According to Free Press, the problem with the Cable Act of 1992 is not that the laws are too old or that there are not enough of them, it is with how they are exploited by industry players with the aid of government inaction.
While Free Press does not have a seat at the witness table for Tuesday's Senate Commerce Committee hearing on the Act 20 years later, it has plenty to say about it.
In a statement in advance of the hearing, Free Press policy director Joel Kelsey said the discussion in that hearing room would be a lot about retransmission consent rules and the power struggles between broadcast and cable operators. Instead, he says, the real problem is incumbents using the rules to serve their bottom lines and "policymakers sit by and refuse to enforce the law in ways that promote effective competition, encourage innovation and benefit the public."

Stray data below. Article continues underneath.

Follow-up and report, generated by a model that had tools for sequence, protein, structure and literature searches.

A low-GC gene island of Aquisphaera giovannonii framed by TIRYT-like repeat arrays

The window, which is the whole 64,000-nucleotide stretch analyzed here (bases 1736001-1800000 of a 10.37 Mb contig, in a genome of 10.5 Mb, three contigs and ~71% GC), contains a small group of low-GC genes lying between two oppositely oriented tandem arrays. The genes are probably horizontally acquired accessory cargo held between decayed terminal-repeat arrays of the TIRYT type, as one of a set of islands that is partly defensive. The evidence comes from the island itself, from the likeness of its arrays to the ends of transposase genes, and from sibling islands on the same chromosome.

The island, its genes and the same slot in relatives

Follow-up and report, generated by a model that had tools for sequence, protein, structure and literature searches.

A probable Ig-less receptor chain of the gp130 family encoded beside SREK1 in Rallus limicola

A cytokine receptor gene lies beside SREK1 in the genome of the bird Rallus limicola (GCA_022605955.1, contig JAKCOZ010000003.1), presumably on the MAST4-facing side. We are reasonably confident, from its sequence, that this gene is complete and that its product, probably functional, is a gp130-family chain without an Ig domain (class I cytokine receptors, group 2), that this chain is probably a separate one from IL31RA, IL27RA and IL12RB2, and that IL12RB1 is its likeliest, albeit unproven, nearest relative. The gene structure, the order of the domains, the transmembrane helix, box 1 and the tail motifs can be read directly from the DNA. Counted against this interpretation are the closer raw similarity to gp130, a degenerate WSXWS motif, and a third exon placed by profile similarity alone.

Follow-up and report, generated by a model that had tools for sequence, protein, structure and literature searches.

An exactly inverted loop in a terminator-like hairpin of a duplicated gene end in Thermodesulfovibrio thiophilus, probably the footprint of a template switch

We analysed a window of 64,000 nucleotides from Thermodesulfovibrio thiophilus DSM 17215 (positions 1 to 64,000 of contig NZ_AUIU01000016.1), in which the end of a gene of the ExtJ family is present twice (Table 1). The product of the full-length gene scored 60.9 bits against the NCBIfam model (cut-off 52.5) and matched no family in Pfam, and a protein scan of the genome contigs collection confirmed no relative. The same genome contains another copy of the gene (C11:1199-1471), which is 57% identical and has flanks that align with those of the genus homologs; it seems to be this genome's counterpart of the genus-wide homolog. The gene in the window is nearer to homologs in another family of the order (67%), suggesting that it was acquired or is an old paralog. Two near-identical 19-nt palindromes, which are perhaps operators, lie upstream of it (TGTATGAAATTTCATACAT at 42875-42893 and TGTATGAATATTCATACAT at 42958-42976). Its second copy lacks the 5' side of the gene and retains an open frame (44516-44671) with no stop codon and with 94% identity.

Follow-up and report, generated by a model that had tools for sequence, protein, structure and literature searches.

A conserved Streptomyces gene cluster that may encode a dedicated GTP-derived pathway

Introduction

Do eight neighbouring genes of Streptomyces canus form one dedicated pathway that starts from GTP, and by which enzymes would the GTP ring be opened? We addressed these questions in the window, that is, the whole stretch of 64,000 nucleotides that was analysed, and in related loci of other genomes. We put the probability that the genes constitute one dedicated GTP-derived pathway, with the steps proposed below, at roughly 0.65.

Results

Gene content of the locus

Free Press has been critical of usage caps, for example, and what it says has been an effort to disadvantage over-the-top providers like Netflix and Amazon.
The hearing is likely to touch on numerous topics, including online distribution and program access and program carriage issues.
Representing the consumer groups is Mark Cooper of Consumer Federation, who shares many of Free Press' concerns about industry power, including over over-the-top delivery, and government enforcement.